RealTime IT News

IBM's Deep Computing in Deep Blue Sea

Another day, another supercomputer deployment for IBM.

In a contract estimated to be worth in the tens of millions, the Department of Defense has solicited a cluster of eServer p655 machines from Big Blue to use in national defense research projects for the Navy.

The Naval Oceanographic Office (NAVOCEANO) Major Shared Resource Center will use the 368-server cluster in addition to its current infrastructure for so-called "Challenge Projects." Its employees use high-resolution meteorology and oceanography knowledge to develop better military aircraft, ship and vehicle designs and improved missile and projectile designs.

NAVOCEANO, located at the John C. Stennis Space Center in Hancock County, Mississippi, then supplies oceanographic info to the DoD, conducting ocean surveys and analyzing the data to bolster its tactical performance needs, according to Debra Goldfarb, vice president for strategy and products in IBM's Deep Computing division.

Goldfarb told internetnews.com she envisioned the DoD would use the systems to help battleships and submarines with threat detection and tactical weather forecasting at a time when the world abroad "is extremely complex and volatile."

"It gives really good insight into the mentality behind national security requirements right now," Goldfarb said. "You need the kind of infrastructure that can give you real-time information about observable and non-observable threats in any capacity."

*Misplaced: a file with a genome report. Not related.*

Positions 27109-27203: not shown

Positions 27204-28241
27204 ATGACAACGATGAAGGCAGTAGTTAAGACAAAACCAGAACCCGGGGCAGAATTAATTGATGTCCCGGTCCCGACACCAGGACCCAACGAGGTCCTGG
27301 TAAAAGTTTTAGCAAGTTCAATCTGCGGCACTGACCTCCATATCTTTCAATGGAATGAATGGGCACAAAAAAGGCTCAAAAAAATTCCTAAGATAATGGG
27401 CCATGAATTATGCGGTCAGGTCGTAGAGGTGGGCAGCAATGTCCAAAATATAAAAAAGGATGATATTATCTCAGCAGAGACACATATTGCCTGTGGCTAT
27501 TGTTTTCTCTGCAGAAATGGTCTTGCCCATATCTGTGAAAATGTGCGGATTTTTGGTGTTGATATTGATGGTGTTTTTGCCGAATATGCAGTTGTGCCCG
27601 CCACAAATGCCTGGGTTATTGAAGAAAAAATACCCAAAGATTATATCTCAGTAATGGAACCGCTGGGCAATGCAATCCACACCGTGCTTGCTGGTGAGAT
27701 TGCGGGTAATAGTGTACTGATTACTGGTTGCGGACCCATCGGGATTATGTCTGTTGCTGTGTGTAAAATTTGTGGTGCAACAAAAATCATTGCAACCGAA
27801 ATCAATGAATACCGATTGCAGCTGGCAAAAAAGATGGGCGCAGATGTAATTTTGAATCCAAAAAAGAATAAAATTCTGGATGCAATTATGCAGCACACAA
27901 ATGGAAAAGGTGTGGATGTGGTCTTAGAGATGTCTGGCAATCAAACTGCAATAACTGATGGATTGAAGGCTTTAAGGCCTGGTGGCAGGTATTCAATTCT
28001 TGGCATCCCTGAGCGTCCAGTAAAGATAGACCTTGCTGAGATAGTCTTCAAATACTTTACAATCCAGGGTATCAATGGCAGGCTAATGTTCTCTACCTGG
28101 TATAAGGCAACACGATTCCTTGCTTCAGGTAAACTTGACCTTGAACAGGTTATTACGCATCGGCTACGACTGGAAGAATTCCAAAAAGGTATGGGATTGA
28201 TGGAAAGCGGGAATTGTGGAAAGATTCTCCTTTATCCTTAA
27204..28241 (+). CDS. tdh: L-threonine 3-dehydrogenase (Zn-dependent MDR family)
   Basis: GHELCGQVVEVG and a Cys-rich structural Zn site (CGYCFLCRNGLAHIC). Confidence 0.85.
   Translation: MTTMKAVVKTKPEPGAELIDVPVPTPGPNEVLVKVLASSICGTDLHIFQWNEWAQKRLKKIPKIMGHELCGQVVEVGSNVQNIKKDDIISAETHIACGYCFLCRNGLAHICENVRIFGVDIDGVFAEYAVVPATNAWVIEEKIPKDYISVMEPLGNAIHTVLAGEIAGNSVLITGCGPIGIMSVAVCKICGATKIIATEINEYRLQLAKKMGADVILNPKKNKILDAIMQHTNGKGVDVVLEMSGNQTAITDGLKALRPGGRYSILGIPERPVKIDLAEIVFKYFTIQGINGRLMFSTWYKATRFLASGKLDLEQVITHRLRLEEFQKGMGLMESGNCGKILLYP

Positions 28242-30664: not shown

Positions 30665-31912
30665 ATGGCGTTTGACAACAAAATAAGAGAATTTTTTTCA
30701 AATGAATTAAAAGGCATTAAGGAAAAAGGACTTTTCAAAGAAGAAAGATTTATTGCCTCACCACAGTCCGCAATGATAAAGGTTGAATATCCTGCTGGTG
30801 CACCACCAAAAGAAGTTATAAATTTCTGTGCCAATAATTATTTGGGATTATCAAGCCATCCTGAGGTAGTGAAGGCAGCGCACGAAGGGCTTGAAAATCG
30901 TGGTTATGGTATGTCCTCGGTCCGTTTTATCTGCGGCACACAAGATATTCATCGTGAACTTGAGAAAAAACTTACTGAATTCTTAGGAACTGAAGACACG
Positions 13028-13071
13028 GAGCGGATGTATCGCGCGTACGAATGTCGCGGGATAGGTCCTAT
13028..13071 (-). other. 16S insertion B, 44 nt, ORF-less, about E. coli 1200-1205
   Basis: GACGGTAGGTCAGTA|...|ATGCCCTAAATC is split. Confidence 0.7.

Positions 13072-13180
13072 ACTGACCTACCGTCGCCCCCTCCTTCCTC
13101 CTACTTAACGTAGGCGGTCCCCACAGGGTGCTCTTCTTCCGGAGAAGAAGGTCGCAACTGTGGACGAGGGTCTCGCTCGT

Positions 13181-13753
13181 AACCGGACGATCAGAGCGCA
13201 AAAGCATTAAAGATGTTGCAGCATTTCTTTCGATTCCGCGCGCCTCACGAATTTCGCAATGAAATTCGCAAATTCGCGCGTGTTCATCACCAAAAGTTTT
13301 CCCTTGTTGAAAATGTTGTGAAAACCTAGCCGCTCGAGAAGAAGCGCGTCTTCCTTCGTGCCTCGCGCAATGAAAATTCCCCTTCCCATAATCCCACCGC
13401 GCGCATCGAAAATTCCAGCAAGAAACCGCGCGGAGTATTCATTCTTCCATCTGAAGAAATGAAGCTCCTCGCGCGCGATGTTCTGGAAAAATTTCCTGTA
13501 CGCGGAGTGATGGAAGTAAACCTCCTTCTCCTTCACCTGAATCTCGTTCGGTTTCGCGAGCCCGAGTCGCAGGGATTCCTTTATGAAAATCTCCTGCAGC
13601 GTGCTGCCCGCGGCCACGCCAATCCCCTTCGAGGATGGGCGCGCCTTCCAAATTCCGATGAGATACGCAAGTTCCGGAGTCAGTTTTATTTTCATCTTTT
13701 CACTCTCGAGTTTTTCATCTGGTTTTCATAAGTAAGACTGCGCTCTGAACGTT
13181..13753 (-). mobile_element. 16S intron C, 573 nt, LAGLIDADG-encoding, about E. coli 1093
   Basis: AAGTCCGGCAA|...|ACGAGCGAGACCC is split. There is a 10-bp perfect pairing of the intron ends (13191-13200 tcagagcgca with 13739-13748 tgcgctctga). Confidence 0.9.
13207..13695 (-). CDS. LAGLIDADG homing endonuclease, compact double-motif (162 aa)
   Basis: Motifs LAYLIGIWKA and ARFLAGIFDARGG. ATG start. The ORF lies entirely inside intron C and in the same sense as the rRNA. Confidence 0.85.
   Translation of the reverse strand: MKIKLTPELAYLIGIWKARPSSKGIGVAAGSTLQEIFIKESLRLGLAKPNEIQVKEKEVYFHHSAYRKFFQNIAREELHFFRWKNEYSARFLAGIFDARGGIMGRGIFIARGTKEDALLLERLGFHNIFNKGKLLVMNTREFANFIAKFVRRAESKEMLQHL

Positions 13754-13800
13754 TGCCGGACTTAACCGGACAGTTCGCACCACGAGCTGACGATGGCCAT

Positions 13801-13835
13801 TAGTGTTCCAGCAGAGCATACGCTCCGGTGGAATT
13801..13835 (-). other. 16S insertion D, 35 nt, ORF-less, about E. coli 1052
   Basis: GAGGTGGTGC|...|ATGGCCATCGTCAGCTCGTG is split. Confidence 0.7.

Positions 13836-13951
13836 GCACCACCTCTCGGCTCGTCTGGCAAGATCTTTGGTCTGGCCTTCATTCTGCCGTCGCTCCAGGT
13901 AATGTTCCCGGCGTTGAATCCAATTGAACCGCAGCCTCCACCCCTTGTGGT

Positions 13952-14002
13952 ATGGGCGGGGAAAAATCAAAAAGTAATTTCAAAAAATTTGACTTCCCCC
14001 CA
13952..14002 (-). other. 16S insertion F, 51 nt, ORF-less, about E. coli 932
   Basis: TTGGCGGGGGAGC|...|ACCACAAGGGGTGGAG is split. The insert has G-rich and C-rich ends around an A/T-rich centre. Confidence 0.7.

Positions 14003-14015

The NAVOCEANO supercomputing cluster will boast triple the computing power of the center's current system, with the largest of the systems expected to run at a peak speed of 20 trillion teraflops, or operations per second. The previous largest system ran at 7.5 teraflops, Goldfarb said.

The speed and power adds up to an average data availability rate of 99.6, making it as close to perfectly reliable as a system of its caliber can come.

Often employed by research institutes and government agencies for wide-scale testing, supercomputing clusters are geared to throw unprecedented power at complex tasks, including weather modeling, and crash test simulation.

The new cluster, which employs nearly 3,000 of the Armonk, N.Y. company's Power4+ processors, comes at a time when IBM is looking to expand the sphere of influence of its Power chip.

Power chips are currently used in anything from Nintendo game consoles to its own enterprise-class servers. IBM will roll out Power5-based servers featuring advanced virtualization capabilities on August 31.

IBM competes against HP, Sun Microsystems, Cray, SGI and Dell in the race to provide supercomputing installations to businesses, research outfits and think tanks.